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Gender differences in the recognition of laterally presented affective nouns

Coney, J. and FitzGerald, J.P. (2000) Gender differences in the recognition of laterally presented affective nouns. Cognition & Emotion, 14 (3). pp. 325-339.

Link to Published Version: http://dx.doi.org/10.1080/026999300378851
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Abstract

Evidence suggests that the cerebral hemispheres are differentially specialised for the processing of positively and negatively valenced affective material. The present study examined the consequences of this for the availability in each hemisphere of lexical entries related to positive, neutral, and negative affect. A threshold recognition task was used to assess the identification of positive, neutral, and negative emotionally toned nouns projected to the right or left visual field. A strong lateral asymmetry in favour of right visual field recognition of nouns was observed. Whereas women showed no evidence of changes in lateral asymmetry as a function of affect, lateral asymmetry in men was significantly greater for positive nouns. This finding points to a difference in the representation of affective material in the left and right lexicons of the male brain, and provides support for the notion that gender may be one of the keys to reconciling some of the contradictory findings that characterise this area of research.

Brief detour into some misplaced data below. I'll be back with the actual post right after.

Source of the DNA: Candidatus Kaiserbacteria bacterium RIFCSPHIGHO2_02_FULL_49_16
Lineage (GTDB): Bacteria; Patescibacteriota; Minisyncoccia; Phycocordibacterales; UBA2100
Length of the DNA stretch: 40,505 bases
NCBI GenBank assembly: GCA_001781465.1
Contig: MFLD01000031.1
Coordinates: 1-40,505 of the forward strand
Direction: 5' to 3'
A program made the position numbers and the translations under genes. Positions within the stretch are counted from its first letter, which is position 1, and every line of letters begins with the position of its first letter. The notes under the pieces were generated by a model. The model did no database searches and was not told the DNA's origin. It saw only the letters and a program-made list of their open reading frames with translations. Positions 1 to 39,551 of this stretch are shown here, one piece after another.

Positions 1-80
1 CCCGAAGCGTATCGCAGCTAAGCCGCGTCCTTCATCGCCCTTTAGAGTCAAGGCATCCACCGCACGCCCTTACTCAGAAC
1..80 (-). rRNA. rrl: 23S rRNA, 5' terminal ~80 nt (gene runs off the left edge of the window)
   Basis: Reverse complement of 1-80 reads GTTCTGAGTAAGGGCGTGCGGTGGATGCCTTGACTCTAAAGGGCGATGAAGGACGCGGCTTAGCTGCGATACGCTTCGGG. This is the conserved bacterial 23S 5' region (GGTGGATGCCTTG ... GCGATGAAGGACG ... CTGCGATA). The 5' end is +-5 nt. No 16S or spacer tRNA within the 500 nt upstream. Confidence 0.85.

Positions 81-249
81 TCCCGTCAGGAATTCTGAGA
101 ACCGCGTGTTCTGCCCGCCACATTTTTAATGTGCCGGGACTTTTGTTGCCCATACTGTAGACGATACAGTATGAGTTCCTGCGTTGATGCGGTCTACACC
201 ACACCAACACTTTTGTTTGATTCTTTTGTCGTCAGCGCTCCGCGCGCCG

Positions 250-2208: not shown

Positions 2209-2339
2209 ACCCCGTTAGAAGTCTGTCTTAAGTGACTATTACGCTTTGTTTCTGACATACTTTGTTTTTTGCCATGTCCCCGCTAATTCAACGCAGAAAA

Publication Type: Journal Article
Murdoch Affiliation: School of Psychology
Publisher: Elsevier
Copyright: Psychology Press Ltd.
URI: http://researchrepository.murdoch.edu.au/id/eprint/17364
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